Let’s look at those who may be interested in volunteering in healthcare. You can therefore help in this regard all over the world. Those interested in healthcare can have a choice in working in places where disaster has struck or picking one specific location along the globe where you would like to help out. How you help does not have to be strictly in a medical sense, you can do your part by simply distributing mosquito nets to area where malaria is highly occurring, or start a campaign to make sure every household in an area where there have been cholera outbreaks has a means to boil or purify their water. The end result of all these efforts is that you have helped keep a community healthier.


The saying goes that children are our future, so let’s look at those of us who would like to volunteer in children homes or with orphans. In this field you get to mold a person who will go off into the world someday, and make something of themselves because you had the courtesy to be involved in their lives. In an orphanage you can provide healthcare, teach, work in the kitchen as a cook, build a dormitory, clean up the compound or even do some missionary work while there. And the beauty of all this is you can commit yourself to one or more of the causes above all at the same time; you therefore get to touch a life on several fronts.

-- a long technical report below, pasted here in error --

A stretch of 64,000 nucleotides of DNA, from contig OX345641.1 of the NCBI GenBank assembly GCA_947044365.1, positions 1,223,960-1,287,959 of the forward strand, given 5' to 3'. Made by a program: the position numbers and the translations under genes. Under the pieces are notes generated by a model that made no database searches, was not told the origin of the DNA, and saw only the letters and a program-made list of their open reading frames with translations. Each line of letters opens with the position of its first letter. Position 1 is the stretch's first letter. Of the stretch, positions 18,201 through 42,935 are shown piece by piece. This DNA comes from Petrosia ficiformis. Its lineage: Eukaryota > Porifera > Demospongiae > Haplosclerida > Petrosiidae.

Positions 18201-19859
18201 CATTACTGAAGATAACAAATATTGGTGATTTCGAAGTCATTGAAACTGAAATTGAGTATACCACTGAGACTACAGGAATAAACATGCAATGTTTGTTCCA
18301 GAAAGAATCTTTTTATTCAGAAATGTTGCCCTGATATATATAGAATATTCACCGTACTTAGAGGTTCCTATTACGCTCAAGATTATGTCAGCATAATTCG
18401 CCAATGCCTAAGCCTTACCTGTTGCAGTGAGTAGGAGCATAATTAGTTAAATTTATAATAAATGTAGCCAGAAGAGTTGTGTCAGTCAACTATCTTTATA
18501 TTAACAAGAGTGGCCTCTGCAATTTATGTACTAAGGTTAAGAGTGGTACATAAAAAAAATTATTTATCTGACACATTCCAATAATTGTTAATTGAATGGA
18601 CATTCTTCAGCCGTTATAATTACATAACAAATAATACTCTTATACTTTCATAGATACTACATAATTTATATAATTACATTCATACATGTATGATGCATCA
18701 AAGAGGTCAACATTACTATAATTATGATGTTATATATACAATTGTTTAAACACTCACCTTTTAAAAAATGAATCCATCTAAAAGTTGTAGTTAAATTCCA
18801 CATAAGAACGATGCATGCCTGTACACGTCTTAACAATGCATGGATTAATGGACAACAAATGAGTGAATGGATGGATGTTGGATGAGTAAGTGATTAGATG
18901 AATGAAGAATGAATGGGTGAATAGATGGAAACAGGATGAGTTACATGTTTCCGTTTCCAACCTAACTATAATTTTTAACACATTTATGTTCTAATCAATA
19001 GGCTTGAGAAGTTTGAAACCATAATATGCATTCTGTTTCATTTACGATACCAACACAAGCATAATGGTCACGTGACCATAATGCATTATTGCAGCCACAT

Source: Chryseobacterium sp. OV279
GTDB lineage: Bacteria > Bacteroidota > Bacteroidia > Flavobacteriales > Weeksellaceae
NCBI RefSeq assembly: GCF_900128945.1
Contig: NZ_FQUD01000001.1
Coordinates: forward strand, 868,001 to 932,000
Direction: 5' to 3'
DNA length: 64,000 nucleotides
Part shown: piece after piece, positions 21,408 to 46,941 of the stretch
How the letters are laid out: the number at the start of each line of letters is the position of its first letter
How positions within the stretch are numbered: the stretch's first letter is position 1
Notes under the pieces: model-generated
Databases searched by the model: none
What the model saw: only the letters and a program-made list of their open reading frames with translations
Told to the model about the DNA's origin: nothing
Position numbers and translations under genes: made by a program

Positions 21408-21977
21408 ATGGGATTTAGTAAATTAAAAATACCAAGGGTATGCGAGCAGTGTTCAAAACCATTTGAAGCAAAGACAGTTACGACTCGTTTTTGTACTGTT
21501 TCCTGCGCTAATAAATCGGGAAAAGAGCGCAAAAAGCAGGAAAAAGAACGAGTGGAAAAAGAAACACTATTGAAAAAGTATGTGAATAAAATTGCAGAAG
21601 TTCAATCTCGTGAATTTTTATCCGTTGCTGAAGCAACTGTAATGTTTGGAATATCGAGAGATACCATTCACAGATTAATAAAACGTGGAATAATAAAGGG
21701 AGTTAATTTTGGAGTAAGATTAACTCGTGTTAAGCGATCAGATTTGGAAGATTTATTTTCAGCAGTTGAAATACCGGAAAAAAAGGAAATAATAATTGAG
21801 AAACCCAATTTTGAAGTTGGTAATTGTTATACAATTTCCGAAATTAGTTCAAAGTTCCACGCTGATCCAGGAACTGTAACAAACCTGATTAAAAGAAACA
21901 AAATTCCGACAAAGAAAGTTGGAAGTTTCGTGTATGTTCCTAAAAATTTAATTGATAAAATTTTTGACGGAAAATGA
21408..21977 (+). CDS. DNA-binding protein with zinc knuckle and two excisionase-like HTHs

If you like animals and the environment around you, the one program you can look into is volunteering in wildlife conservation. Here you get to work with all sorts of wildlife from those that live in the savannah to marine animals, in the process you also get to interact with the environment as you spend a lot of time in the field, sometimes even spending nights outdoors camping, depending on how adventurous you are. Here is a clear instance where you can have some fun while doing your volunteer work.


There are many other potential programs for volunteers out there, including community development, construction work or even missionary work. Once you have made a clear choice on what you want to work in then the next step is to get your hands dirty and join in the volunteer community around the world.



Volunteer Abroad and Vaccination

“Vaccination is the medical sacrament corresponding to baptism.” – Samuel Butler. No one likes to fall ill when travelling, be it for volunteer work, but more so if you are taking a trip as a tourist. The risk for catching disease is increased when travelling to another continent. It is therefore advisable when you are travelling to any country for you to make sure you have all your immunization shots. Immunization schedules are usual personalized according to an individual immunization history, the countries to be visited, the duration of travel and the amount of time available before departure. Here is a brief overview.


First of all for those travelling with infants then the primary vaccination series with diphtheria, tetanus, acellular pertussis, polio, Haemophilus influenzae type b (DTaP-IPV-Hib) and pneumococcal conjugate can be started as young as 6 weeks of age.